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No. 82, 29 April 1991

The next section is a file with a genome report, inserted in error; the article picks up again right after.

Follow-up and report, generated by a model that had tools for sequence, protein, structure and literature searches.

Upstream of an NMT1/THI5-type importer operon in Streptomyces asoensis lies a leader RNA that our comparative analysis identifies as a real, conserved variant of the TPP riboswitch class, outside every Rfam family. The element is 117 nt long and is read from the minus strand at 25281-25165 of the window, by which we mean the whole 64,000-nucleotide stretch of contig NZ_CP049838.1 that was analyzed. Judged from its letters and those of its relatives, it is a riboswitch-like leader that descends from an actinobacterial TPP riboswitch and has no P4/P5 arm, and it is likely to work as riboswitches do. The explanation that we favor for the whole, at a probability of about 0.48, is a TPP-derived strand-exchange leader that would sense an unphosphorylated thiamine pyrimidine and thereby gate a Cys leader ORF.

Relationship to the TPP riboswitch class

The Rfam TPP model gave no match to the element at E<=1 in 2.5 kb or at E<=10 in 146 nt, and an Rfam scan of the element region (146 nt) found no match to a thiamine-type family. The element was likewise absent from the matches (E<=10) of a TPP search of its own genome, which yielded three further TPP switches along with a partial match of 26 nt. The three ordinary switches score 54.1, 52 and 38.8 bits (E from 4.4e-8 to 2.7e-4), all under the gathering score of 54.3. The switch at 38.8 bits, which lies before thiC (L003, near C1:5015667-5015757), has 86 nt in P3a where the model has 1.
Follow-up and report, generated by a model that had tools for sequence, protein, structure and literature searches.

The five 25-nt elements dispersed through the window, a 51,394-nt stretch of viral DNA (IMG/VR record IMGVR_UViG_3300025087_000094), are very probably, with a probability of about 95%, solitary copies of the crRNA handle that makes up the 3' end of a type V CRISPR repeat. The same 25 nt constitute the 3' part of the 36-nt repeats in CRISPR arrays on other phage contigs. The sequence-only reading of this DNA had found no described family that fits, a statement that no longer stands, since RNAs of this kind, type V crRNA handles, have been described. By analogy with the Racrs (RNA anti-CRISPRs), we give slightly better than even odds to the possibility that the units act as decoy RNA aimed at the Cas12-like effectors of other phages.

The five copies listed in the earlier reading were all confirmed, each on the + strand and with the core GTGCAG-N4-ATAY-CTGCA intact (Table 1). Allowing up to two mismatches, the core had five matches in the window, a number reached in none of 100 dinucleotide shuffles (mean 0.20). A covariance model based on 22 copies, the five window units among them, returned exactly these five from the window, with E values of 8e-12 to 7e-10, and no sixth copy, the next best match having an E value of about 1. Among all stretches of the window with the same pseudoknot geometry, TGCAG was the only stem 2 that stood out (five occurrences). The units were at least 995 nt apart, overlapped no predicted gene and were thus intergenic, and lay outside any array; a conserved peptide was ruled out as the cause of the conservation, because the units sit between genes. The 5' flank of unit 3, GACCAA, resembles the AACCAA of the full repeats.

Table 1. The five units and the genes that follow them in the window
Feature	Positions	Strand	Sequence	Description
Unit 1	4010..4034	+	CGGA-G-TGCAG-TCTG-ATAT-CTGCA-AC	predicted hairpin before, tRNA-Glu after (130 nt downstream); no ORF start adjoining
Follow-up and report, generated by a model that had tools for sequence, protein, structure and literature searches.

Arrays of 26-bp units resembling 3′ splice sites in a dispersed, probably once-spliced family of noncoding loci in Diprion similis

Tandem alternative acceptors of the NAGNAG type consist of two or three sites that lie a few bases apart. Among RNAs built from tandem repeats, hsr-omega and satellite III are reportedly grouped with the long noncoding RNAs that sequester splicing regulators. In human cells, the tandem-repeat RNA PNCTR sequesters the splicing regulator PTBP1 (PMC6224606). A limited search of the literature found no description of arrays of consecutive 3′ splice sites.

BALTIC STATES LITHUANIAN GOVERNMENT PROTEST. On April 26 Radio Vilnius read the text of a statement adopted that day by the Lithuanian government. Noting the attacks by Soviet soldiers on the night of April 24-25, the government categorically protested the USSR armed forces' acts and demanded that the buildings and property seized be returned without delay. The government said that the entire responsibility for possible consequences rests with the USSR government and that it could not guarantee that the citizens of the Republic of Lithuania would not take retaliatory actions. (Saulius Girnius) RALLY IN VILNIUS. On April 27 thousands of people gathered in Independence Square in Vilnius to attend a rally called by Sajudis. Chairman of the Lithuanian Supreme Council Vytautas Landsbergis said that the people might have to expect events perhaps even more horrible than those in the past. Sajudis Council Chairman Juozas Tumelis invited people from the whole republic to attend a rally on May 4 in Vingis Park in Vilnius that will advise how the population should behave in the face of occupation and the scheduled spring callup of young men into the Soviet military. (Saulius Girnius) LATVIAN-USSR AGREEMENT ON BUDGET. Radio Moscow reported on April 27 that Latvian Prime Minister Ivars Godmanis had said that an agreement had been reached with the Soviet authorities on Latvia's contribution to the Soviet budget. Latvia has agreed to pay 350 million rubles and not the 4,200 million rubles that the USSR had previously demanded. (Saulius Girnius) BOMB EXPLODES IN TALLINN. A bomb exploded on April 26 near a Communist Party office in Tallinn, TASS reported that day. The explosion, the fourth this year, damaged nearby buildings, but injured no one. TASS called the explosion a "terrorist act" aimed at organizations backed by the non-Estonian population, but local officials suggested the explosions were set off by those opposed to independence in order to provoke intervention by Soviet security troops. (Riina Kionka) BALTIC COMMUNIST COORDINATING COUNCIL. TASS reported on April 27 that a Congress of Baltic Communist Parties was held that day in Riga. The congress called for the creation of a single body to help unite Communists against "concentrated pressure" from the state authorities in Lithuania, Latvia, and Estonia. It approved a document protesting attempts by Western states to interfere in the internal affairs of the Baltic republics and asked the Soviet authorities to take preventive measures to limit "the diplomatic aggression from outside." (Saulius Girnius) USSR - ALL-UNION TOPICS GORBACHEV TO ORDER TOUGH MEASURES. Soviet President Mikhail Gorbachev announced on April 26 that in order to maintain economic and political stability in the country he would resort to "tough measures...right up to the toughest," according to Western and Soviet accounts over the weekend. Gorbachev told the USSR Supreme Soviet that republics, enterprises, and workers must show more discipline. These comments echo a theme of "discipline before reform" that pervades Prime Minister Valentin Pavlov's new "Action Program." Gorbachev plans to introduce his measures immediately after the May Day holiday. (John Tedstrom) WHAT HAS GORBACHEV TARGETED? Gorbachev's tough disciplinary measures will aim to redress three primary problems. The first is that rebellious republics had failed to pay approximately 34 billion rubles into the USSR State budget by the end of March 1991; as a result, the all-Union budget fell short by over 60%. Second, a serious deterioration in the ability of the traditional economic structure to cope with planning, supply links, etc., has contributed to a fall in national income in the first quarter of 1991 by 10% and industrial output by 5%. Finally, strikes in the USSR during the first quarter of 1991 resulted in 1.2 million man days of work lost (mostly in the RSFSR and Ukraine) and that trend increased in April. (John Tedstrom) GOVERNMENT INVITES POLITICAL PARTIES FOR CONSULTATIONS. The USSR Cabinet of Ministers held discussions April 26-27 with members of various political parties on the cabinet's anti-crisis program and the Union treaty, Radio Rossii reported April 27. A wide spectrum of groups participated, from Democratic Russia to the hard-line United Front of Workers and the Orthodox Monarchist Union. Democratic Russia members quickly left the meeting, however, apparently finding themselves in the minority among members of anti-democratic groups. As on past occasions when the central government has invited members of new political groups for consultations, those parties (like the monarchists' union or the Liberal Democratic party) which in fact do not play a major role in the country's political arena tended to be over-represented. (Vera Tolz) CPSU POLITBURO CHANGES. A number of personnel changes were approved at the plenum of the CPSU Central Committee held on April 24-25, TASS reported April 26. Dzhumgalbek Amanbaev, appointed in early April to head the Communist Party in Kyrgyzstan, was coopted to the Central Committee and elected to the Politburo; his predecessor, Absamat Masaliev, was dropped. The head of the Moldavian Communist Party, Grigore Eremei, appointed to lead the Moldavian Communist Party in February, and Major-General Mikhail Surkov, appointed Secretary of the All-Army Party Committee at the end of March, were also elected to the Politburo. (Elizabeth Teague) OTHER CHANGES IN CPSU LEADERSHIP. Oleg Baklanov lost his post as Central Committee Secretary "in view of his appointment as deputy chairman of the Defense Council under the USSR President." Central Committee Secretary Valentin Falin was appointed chairman of the Central Committee's Commission for International Policy Issues. Finally, Stanislav Shatalin was deemed to have lost his Central Committee membership in view of the fact that he had quit the CPSU. (Elizabeth Teague) GORBACHEV REFUSES TO SIGN LABOR LEGISLATION. On April 26 the USSR Supreme Soviet sent an amendment to the USSR labor code to Gorbachev, who refused to sign it on the grounds that it conflicts with the USSR Law on Trade Unions, Radio Moscow reported that day. The amendment would have allowed management to dismiss employees without approval of the trade unions, while the law on trade unions requires that their permission be given. USSR Minister of Justice Sergei Lushchikov defended the amendment, arguing that managers have to be free to hire and fire workers. The Supreme Soviet will review the amendment sometime after May 1. The USSR Constitution permits Gorbachev to veto legislation; this occasion marks the first time that he has exercised this prerogative. (NCA/Dawn Mann) FOREIGN TRADE IN 1990. Reuters on April 28 cited the latest issue of Ekonomika i zhizn' on foreign trade statistics for 1990. The value of exports dropped from 68.8 billion rubles in 1989 to 60.9 billion rubles, while imports fell from 72.1 to 70.7 billion. In an accompanying commentary, it was noted that Soviet machinery exports were hopelessly uncompetitive on the world market, and that in the mid-1980s only 29% of Soviet mass-produced fabricates corresponded to world norms. The recently imposed 40% tax on hard-currency earnings has not exactly encouraged would-be Soviet exporters. (Keith Bush) PAVLOV TO BRUSSELS. Prime Minister Pavlov meets with Jacques Delors, President of the European Commission on April 29 to discuss European Community aid to Moscow. TASS noted on April 28 that the meeting is "unofficial." According to Oleg Belous, a Soviet embassy counsellor, the meeting will treat the question of a $1.3 billion food and technical assistance package worked out in Rome in December 1990, Reuters reported April 28. (Suzanne Crow) GORBACHEV ON JAPAN TRIP. Gorbachev defended the results of his trip to Japan speaking before the Supreme Soviet on April 26. Gorbachev insisted that "the results of the visit enable us to consider that a breakthrough in Soviet-Japanese relations is possible," TASS reported April 26. (Suzanne Crow) PRIMAKOV ON MIDEAST. Presidential Adviser Evgenii Primakov said in an interview with French Radio on April 28 that it is hard to see how success in the Middle East peace process can be achieved without including the PLO in talks. He said he perceived "positive" changes in U.S. Secretary of State James Baker's position on the peace process and applauded the United States' increased attention to the role of European countries and the PLO in the process. (NCA/Suzanne Crow) SOVIET KURDS HELPING IRAQI KURDS. Ethnic Kurds in the USSR are gathering supplies for Kurds in Iraq, Izvestia reported April 24. They are opening a special bank account that will be used for channelling relief aid to the Iraqi Kurds. Izvestia also said a delegation of Soviet Kurds met in Moscow with USSR Supreme Soviet deputies to discuss efforts to help the Kurds. The Supreme Soviet deputies said they stressed the rights of Iraqi Kurds to maintain a separate cultural identity. (NCA/Suzanne Crow) USSR-GERMAN DEAL ON URANIUM MINE. The German government said April 25 it will sign a treaty with Moscow giving Germany full ownership of a former East German uranium mine, half of which is owned by the Soviet Union. Moscow will surrender its 50% stake at no charge. In return, the Soviet side will not have to pay for cleaning up the polluted sites it left behind in the states of Saxony and Thuringia. The accord will be signed in May, Reuters reported April 25. (NCA/Suzanne Crow) GERMAN CONCERN OVER SOVIET CREDITWORTHINESS. Somewhat later than their colleagues in other Western countries, German bankers and officials are sounding the alarm about the low and sinking credit rating of the USSR. Axel Lebahn in Die Zeit of April 26 warned that there can be no more talk of a Soviet sovereign risk. Georg Krupp and Norbert Walter of Deutsche Bank advised audiences in Frankfurt and Washington against extending any further unbacked loans to the Soviet Union, and Walter disclosed that his bank has already set aside reserves to cover losses if Moscow defaults, The Financial Times of April 25 and NCA on April 26 reported. (Keith Bush) SOVIET TROOPS IN GERMANY. Soviet military authorities in Germany appealed to Bonn on April 26 to prevent criminals from escaping justice by deserting their units and claiming political asylum, Reuters reported. During a visit by the German Defense Minister to Soviet headquarters, the Commander-in-Chief of Soviet forces, Matvei Burlkakov, said that 177 Soviet soldiers and 92 dependents were missing. On April 28 Burlakov told Radio Rossii that, despite strained conditions, army units in Germany continued to train normally. He also said that many troops would depart Germany by way of Leningrad and Klaipeda, ultimately arriving in southern Ukraine and the northern Caucasus. (Stephen Foye) LUSHEV RELIEVED OF DUTIES. Gorbachev issued a decree on April 26 releasing Army General Petr Lushev from his duties as First Deputy Minister of Defense and as Commander-in-Chief of the Warsaw Pact. According to TASS, Lushev will transferred to "another job," but no further details were given. The Warsaw Pact's military structure was officially dissolved on March 31. (NCA/Stephen Foye) SURKOV ON ARMY'S COMMUNISTS. Major General Mikhail Surkov, recently elected Secretary of the All-Army Party Committee, told Novosti on April 26 that the number of servicemen entering the ranks of the Communist Party exceeds the number of those leaving. According to Surkov, in 1990 34,616 servicemen left the Party. Of those, roughly a third were officers, while 51% were non-officers. During the same period, however, 41,474 servicemen joined the Party. Of those, according to Surkov, 40% were officers, 45% were cadets from military academies, and only 3% were non-officers. (Stephen Foye) PHOTOGRAPHS OF NOVOCHERKASSK RIOTS PUBLISHED. Komsomol'skaya pravda of April 27 published photographs of the workers' riots in Novocherkassk in June 1962, AFP reported that day. Details of the riots and their bloody suppression had long been withheld from the public, until the same newspaper in June 1989 referred to the unrest and gave a death toll of 22-24. The latest revelation also reproduces a written promise from a soldier "to keep as a state secret" what he had witnessed during the crackdown. (Keith Bush) NEW PROGRAM TO COMBAT AIDS. The USSR Cabinet of Ministers is expected soon to adopt a state anti-AIDS program, according to Sovetskaya Rossiya of April 25, as cited by TASS of the same date. Although the current official figures are 619 HIV-positive and less than 60 "full-blown" AIDS patients in the USSR, experts are quoted as predicting 1.5 million HIV-positive cases by the year 2,000. This is attributed to the lack of medical equipment and to "extensive tourism." 21 children are said to be among those who have died from the disease, but a total death toll is not given by the TASS report. (Keith Bush) USSR - IN THE REPUBLICS YELTSIN IN KUZBASS. A plan to end the Kuzbass miners' strike was drafted at a weekend meeting in Moscow between RSFSR Supreme Soviet chairman Boris Yeltsin, representatives of the striking Kuzbass miners, and the interrepublican parliamentary group, news agencies reported April 26-28. The plan reportedly consists of juridical and financial measures and offers miners "an elegant solution." Yeltsin will personally present the plan to miners tonight in Novokuznetsk and will stay in the Kuzbass to celebrate the May 1 holiday. The Kuzbass strike committee sent a telegram to Yeltsin last week demanding an explanation of last week's joint declaration; on April 28 a spokesman said, "We are hoping this visit will not leave us empty-handed. If [Yeltsin] says he thinks there is a solution we don't expect his words to be empty." (Dawn Mann) 50 MILLION WORKERS STAGE SYMBOLIC STRIKE IN RSFSR. According to TASS April 26, some 50 million workers in the RSFSR participated in symbolic one-hour work stoppages or in meetings on Friday, in response to calls issued by the Federation of Independent Russian Trade Unions and Democratic Russia. Participation was fairly even across the Russian Federation, with the exception of Moscow, where only a few work collectives were reported to have supported the strike call. Supporters of the Democratic Russia movement plan to hold a rally today in Moscow to support striking miners and Yeltsin, Radio Rossii reported April 28. (Dawn Mann) DEMOCRATIC RUSSIA NOMINATES YELTSIN FOR PRESIDENT. The Democratic Russia movement nominated Boris Yeltsin as its candidate for the upcoming presidential elections in the RSFSR, TASS reported April 27. While nominating Yeltsin, however, several leaders of the movement criticized him for signing a joint declaration with Mikhail Gorbachev last week. TASS quoted Professor Yurii Afanas'ev as saying that "we should support Yeltsin, but nevertheless say the truth about the declaration he signed." (Vera Tolz) BAKATIN REPORTED TO RUN FOR RUSSIAN PRESIDENCY. Former liberal MVD chief Vadim Bakatin was reportedly nominated by the CPSU as candidate for the RSFSR presidential election, DPA quoted Nezavisimaya gazeta (April 27) as saying. The newspaper reportedly cited unidentified "trustworthy sources" for the information. (Vera Tolz) RSFSR SUPREME SOVIET SUPPORTS JOINT DECLARATION. On April 26, the RSFSR Supreme Soviet supported the declaration on anti-crisis measures signed April 23 by Mikhail Gorbachev and leaders of nine Union republics, including Yeltsin. A special resolution of the Russian parliament, supported by 152 deputies with seven against, stressed the need to start introducing on the territory of the RSFSR the anti-crisis measures stipulated in the declaration. TASS quoted the resolution of the parliament as calling for the acceleration of work on the Union treaty and urging workers in the republic to refrain from actions of "civil disobedience." (Vera Tolz) OTHER RSFSR REACTIONS TO DECLARATION. Igor' Klochkov, chairman of the RSFSR Independent Federation of Trade Unions, praised the April 23 joint declaration, Trud reported April 26. He added, however, that the declaration alone was not enough to stop strikes, and that people demand concrete "measures, rather than declarations." He said his federation would not call for work stoppages in agriculture or in vital industries. But he said "where strikes are not banned by law, work collectives can do so." In his reaction to the declaration, leader of the Liberal Democratic Party Vladimir Zhirinovsky condemned those six republics that did not sign the document. Central TV quoted Zhirinovsky on April 27 as saying the president and the central government should immediately outlaw those organizations whose aim is to split the Soviet Union. (Vera Tolz) SPLIT IN DEMOCRATIC PARTY OF RUSSIA. A congress of the Democratic Party of Russia, which ended in Moscow April 28, was marked by sharp debates and ended in several leading members leaving the party. TASS reported that a clash occurred between the head of the party, Nikolai Travkin, and a leader of the opposition group within the party, chess champion Garri Kasparov. The two exchanged accusations of conducting wrong policies. The leadership of the party and the opposition group proposed two different party programs for adoption at the congress. After the majority voted for the leadership's program, Kasparov and another opposition leader, Arkadii Murashev, announced their decision to leave the organization. (Vera Tolz) STUDENTS DEMAND IMPROVEMENT OF STATUS. A recently created Council of the Federation for the Solution of Problems of Students organized a mass rally in Leningrad April 27, Radio Moscow-1 reported. Three thousand participants in the demonstration demanded an increase in stipends up to 190 rubles. A similar demonstration was planned April 26 in Moscow, but the Moscow city soviet denied students permission to demonstrate in front of its headquarters. It proposed the entrance to the Gorky park as a possible place for the demonstration, but the students did not find it satisfactory and called of the rally altogether, TASS reported April 26. (Vera Tolz) URALMASH WORKERS VOTE FOR DEPOLITIZATION. Workers at the giant Uralmash heavy-machine building factory in Sverdlovsk in the Urals have voted to ban organized political activity on plant premises, TASS reported April 26. This was the result of a trailblazing referendum in which 65% of Uralmash's 50,000 workers took part; TASS said nearly 87% of those polled voted for the ban. First to be hit by the ban will be the CPSU, which has until now had its own office space and permanent staff paid for by the factory. This is an important decision, likely to be followed by other plants in the Urals. (Elizabeth Teague) LENINGRAD UNEMPLOYMENT TO TOP 50,000. Leningradskaya pravda of March 27 (just arrived in Munich) reports offical Leningrad soviet forecasts of unemployment of more than 50,000 persons in 1991. An additional 10,000 workers in the surrounding areas within Leningrad oblast will also likely lose their jobs. There are currently only 6,000 vacant positions in the city, only 500 of which are for engineers and technical workers. Positions for engineers were down in January 1991 alone by about 3,000 due to a reduction of arms production in Leningrad factories. That trend should continue and will have to be made up by shifting production to civilian goods--an increasingly difficult process in the chaotic Soviet economy. (John Tedstrom) PROTESTS IN SIBERIA. Residents in Chita (East Siberia) blocked their main street April 27 to protest a lack of milk deliveries to the town of 350,000. TASS reported the same day that virtually all food products are in short supply in Chita. TASS did not report the size of the protest, but said that city officials promised to correct the situation. (NCA/John Tedstrom) BELORUSSIAN STRIKES END. Most striking workers in Minsk, Orsha, and elsewhere in Belorussia went back to work April 26, heeding a call by protest leaders to suspend the strikes until the republican Supreme Soviet goes into session on May 21. The decision of the Minsk Strike Committee was apparently prompted in part by fear of violence. In addition, it became clear that the strikers' main demand--that the parliament call an emergency session--would not be met. But the Washington Post and other newspapers on April 27 and 28 quoted labor activists as saying that the experiences of this month will be used to broaden and systemize an independent workers' movement in Belorussia. (Kathy Mihalisko) UKRAINIAN SUPREME SOVIET ON CHERNOBYL. The Ukrainian Supreme Soviet marked the fifth anniversary of the Chernobyl catastrophe with a minute's silence and an appeal to the population, Radio Kiev and Ukrinform-TASS reported April 26. The appeal says that in Ukraine alone about two million people were threatened by radiation and thousands died, resulting in a "national tragedy." The Ukrainian parliament, the statement added, is doing everything in its power to aid the victims and will continue to demand that the government in Moscow fulfills its obligations. (Roman Solchanyk) GEORGIAN PARLIAMENT VOTES TO ABOLISH TSKHINVALI RAION. Radio Tbilisi reported April 27 that the Georgian parliament had voted to abolish Tskhinvali raion in the former South Ossetian Autonomous Oblast (which was abolished as a separate autonomous formation last December). The territory of the former Tskhinvali raion will be subsumed into the neighbouring Gori raion which lies outside the borders of the South Ossetian AO. (Liz Fuller) TURKISH ELECTRICITY FOR NAKHICHEVAN. AFP April 27 quoted a government spokesman in Ankara as disclosing that Turkey will begin supplying electricity next month to the Nakhichevan ASSR of Azerbaijan as part of an agreement signed in Baku the previous day between Turkish energy minister Fahrettin Kurt and the Azerbaijani Prime Minister Gasan Gasanov. (Liz Fuller) ARMENIAN CP REFUSES TO GIVE UP HEADQUARTERS. At the third stage of its congress April 28 (the two preceding stages were held in September and November last year) the Armenian CP voted not to hand over the Party headquarters building in Erevan, in defiance of an Armenian parliament resolution of April 17 on the nationalization of all Communist Party property, TASS reported April 28. (Liz Fuller) MOLDAVIAN LIBRARIES GET RID OF COMMUNIST PROPAGANDA. A conference of Moldavian librarians discussed the implementation of instructions from the republic's Ministry of Culture to "end the politicization and ideologization of libraries," Moldovapres reported April 25. Works of Marxism-Leninism and communist propaganda are to be replaced on the shelves by books from the "national literature" and "world culture." Acquisition of propaganda materials of any political party from library or other public funds has been discontinued. (Vladimir Socor) MOLDAVIA A SCENE OF "WAR ON MONUMENTS". TASS reported April 24 on widespread "vandalism" against Soviet monuments in Moldavia, resulting in damage to Lenin statues and to Red Army monuments. According to TASS, a "war on monuments has become a routine phenomenon in Moldavia". (Vladimir Socor) MOLDAVIAN-JEWISH PROJECT ON MONUMENTS. In an interview with Radio Free Europe in Washington, aired April 27, Moldavia's Minister of Culture and Religious Affairs Ion Ungureanu announced a project to catalogue and restore Jewish historic monuments, synagogues, and cemeteries in Moldavia. Moldavia wants to enable Jews originating there, "wherever they may live today, to visit these monuments in the land where their ancestors or relatives once lived." Moldavia has been a major source of Jewish emigration to the West and Israel for the past century. (Vladimir Socor) ROMANIA SETS UP SPECIAL BODY ON RELATIONS WITH MOLDAVIA. The Romanian Foreign Ministry is setting up an Under-Secretariat of State for Relations with the Republic of Moldavia, a Foreign Ministry spokesman, cited by Rompres, announced April 25. The new body will "provide a direct and permanent link between the Romanian and the Moldavian authorities" and "oversee economic, cultural, political, and human exchanges." It will also "closely watch the republic's internal developments, its relations with the center,... [and] Moldavia's relations with other states, supporting Moldavia's assertion in the European and international arena, and observing the reactions of other states to Moldavia's steps toward sovereignty and independence." (Vladimir Socor) UZBEK POPULAR FRONT HEADQUARTERS CLOSED BY AUTHORITIES. Soviet authorities have closed the Uzbek popular front "Birlik"'s headquarters in Tashkent, saying that the office is a fire hazard. "Birlik" co-chairman Bekjan Tashmuhammadov told RFE-RL by phone on April 26 that he believes this is a pretext for hampering the front's operation. He added that the office had been shut down for the previous 20 days. Tashmuhammadov said that authorities had closed "Birlik"'s headquarters for 17 days in March that coincided with the holding of the all-Union referendum on the USSR's future. Shuhrat Ismatullayev, the front's other co-chairman, says the front is fighting an effort by local judicial officials to seize the building. (NCA/Uzbek BD)